Pursuant to the new constitution, a prosecutor general was appointed in September 2008. The prosecutor general is tasked with the prosecution of criminal offences. The Attorney General acts as the legal advisor to the government and represents the government in all courts except on criminal proceedings represented by the prosecutor general.
The law on foreign investments guarantees the security of investments. The Maldives has no laws pertaining to arbitration. Disputes involving investments below $1 million can be referred to the courts in Maldives. Disputes over $1 million can be referred for international arbitration.
Recognizing that the existing legal and commercial framework is underdeveloped and not always fully transparent or predictable, the government is promoting administrative reforms and formulating regulations dealing with labor, the environment and industry. In recent years, the People's Majlis (parliament) has enacted a number of commercial laws, including the Law of Contract, the Negotiable Instruments of Law, and the Companies Act. The Maldives is not a member of the International Center for the Settlement of Investment Disputes (ICSID).
RIGHT TO PRIVATE OWNERSHIP AND ESTABLISHMENT
There is little private ownership of land. Land reform currently under consideration may result in more trade and private ownership of property. Foreign investors are not allowed to own land, but are granted lease rights ranging up to 25 years, which can be later extended to 35 years for investments over $10 million, or 50 years if 50% of the company's shares are floated on the Maldives stock market. Leases can be renewed at the end of their terms, but the formula for assessing compensation value of a resort at the end of a lease has not yet been developed. The government is looking at the possibility of extending the initial lease period from 25 years to 99 years.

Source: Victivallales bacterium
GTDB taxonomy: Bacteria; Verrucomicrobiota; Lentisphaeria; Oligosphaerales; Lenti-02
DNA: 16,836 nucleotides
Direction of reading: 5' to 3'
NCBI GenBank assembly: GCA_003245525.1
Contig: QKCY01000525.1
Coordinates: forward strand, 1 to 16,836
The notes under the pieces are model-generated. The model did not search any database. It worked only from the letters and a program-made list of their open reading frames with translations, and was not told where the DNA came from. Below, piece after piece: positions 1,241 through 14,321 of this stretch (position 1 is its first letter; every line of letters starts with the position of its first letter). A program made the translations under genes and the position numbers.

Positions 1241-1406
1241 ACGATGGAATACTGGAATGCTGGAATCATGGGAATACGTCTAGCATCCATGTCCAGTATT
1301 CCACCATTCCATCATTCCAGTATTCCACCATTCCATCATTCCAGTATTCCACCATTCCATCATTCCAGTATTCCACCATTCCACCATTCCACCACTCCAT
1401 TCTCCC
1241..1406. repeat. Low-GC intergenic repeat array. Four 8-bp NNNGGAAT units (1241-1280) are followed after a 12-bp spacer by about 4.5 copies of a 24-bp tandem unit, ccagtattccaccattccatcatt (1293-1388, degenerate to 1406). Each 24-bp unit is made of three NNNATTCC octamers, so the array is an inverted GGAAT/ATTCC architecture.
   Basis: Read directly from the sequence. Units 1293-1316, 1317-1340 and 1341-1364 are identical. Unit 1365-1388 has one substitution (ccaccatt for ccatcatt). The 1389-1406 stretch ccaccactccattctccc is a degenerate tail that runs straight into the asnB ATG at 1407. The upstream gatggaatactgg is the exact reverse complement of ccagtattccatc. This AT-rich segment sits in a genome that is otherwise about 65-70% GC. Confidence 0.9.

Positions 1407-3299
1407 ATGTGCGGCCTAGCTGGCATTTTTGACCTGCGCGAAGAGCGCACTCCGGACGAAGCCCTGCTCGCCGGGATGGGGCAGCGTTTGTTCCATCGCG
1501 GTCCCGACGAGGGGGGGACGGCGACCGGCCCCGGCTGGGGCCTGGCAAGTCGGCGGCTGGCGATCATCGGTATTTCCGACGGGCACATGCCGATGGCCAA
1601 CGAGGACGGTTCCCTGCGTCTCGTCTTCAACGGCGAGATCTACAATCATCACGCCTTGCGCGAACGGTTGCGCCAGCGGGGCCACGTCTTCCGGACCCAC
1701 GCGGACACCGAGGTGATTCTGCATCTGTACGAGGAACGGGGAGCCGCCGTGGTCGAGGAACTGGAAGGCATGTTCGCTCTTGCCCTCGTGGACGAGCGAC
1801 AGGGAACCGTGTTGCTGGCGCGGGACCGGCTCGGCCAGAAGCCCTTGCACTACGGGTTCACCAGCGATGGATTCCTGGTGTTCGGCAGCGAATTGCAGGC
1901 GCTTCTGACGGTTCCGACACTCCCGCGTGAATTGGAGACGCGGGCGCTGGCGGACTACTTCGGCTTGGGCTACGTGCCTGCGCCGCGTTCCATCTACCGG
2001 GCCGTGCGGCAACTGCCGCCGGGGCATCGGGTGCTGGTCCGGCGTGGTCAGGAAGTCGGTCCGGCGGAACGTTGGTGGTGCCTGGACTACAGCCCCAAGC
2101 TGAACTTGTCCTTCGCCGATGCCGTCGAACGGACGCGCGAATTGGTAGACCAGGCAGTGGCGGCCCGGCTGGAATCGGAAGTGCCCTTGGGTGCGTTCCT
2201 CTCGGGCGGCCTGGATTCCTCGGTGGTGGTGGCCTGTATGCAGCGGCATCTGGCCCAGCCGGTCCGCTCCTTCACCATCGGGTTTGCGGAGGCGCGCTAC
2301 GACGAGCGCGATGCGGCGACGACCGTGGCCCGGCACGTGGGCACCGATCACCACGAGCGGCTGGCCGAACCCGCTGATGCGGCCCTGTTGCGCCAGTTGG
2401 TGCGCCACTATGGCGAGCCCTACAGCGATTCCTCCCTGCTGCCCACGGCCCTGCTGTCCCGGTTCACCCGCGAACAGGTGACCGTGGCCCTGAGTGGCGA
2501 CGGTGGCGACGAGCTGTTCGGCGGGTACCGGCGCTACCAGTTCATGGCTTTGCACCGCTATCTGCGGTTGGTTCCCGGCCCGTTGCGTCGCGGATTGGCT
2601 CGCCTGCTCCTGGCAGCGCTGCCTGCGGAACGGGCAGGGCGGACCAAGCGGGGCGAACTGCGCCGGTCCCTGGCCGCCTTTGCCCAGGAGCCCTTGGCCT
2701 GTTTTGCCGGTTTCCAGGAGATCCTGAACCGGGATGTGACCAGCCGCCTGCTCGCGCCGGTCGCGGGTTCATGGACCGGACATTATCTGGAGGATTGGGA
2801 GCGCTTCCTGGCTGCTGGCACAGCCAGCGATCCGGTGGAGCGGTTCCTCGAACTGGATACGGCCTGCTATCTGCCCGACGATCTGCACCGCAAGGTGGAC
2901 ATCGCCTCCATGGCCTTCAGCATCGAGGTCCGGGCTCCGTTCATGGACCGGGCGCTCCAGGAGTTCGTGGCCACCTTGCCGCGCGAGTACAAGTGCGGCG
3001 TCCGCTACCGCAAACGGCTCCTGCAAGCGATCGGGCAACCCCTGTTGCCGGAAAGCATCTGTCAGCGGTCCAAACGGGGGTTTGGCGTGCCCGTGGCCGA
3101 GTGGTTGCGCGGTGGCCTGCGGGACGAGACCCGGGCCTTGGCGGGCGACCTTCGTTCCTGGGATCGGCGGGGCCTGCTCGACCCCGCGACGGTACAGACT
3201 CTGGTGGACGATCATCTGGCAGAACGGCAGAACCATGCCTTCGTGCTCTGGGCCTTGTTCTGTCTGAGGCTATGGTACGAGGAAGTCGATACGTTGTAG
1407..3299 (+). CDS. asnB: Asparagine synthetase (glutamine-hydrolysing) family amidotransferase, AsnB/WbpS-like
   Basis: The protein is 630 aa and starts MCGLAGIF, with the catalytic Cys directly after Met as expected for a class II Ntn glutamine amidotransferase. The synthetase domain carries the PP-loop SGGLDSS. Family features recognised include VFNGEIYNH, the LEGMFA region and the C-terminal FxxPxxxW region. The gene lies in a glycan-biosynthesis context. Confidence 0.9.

Currently there is no property and real estate law or mechanism to allow foreign persons to hold title to land. As a result, the Maldives ranks last among 183 countries in the World Bank doing business 2010 report’s registering property indicator. Locals, however, can hold title to land.
PROTECTION OF PROPERTY RIGHTS
Currently, the Maldives lacks specific legislation to protect intellectual property rights (IPR) and has not signed any related international agreements or conventions. An IPR law is awaiting parliamentary approval. The Maldives recently established an IPR unit within the Ministry of Economic Development. The Maldives benefits from the World Trade Organization (WTO) decision to extend the transition period for least-developed countries (LDC) to provide protection for intellectual property under the Trade-Related Aspects of Intellectual Property Rights (TRIPS) agreement until July 1, 2013.
EFFICIENT CAPITAL MARKETS AND PORTFOLIO INVESTMENT
The financial sector in the Maldives is narrow and dominated by the banking sector. The banking sector consists of one publicly owned commercial bank -- the Bank of Maldives -- and branches of four foreign-owned commercial banks. HSBC, the only global bank present, set up operations in 2002. The Bank of Maldives faced difficulties in 2009 and the government is seeking to restructure the bank's portfolio, recover defaulted debt, and look at a capital infusion. Non-bank financial institutions in the country consist of two insurance companies, a pension fund, and a finance leasing company. All financial institutions currently operate under the supervision of the Maldives Monetary Authority, which acts as the central bank. The Maldives Monetary Authority Act was amended in 2007 to ensure independence of the Authority. Banking supervision has recently been upgraded, moving toward international best practices. The government is seeking to put in place a stronger legal framework for the banking sector.
Most lending usually comes through the parent banks of international commercial banks. Most foreign currency loans are made to foreign currency-earning tourist enterprises. Local sources of finance are limited in scope because of the small size of the capital market and the lack of instruments that are available in more developed nations. The government commenced treasury bill auctions in 2006. Other types of financial instruments are not offered to the public. The commercial banks provide short- and long-term credit to the private sector. No specialized financial institution exists to meet the investment needs of tourism, agriculture and fisheries.
The banking system has been hit by the shortage of external financing and the economic slowdown. According to the IMF, non-performing loans have increased significantly as banks have a high exposure to the tourism sector. No problems were reported regarding domestic liquidity of foreign banks. Nonetheless, due to deteriorating economic conditions, private sector credit shrank in 2009 after several years of growth.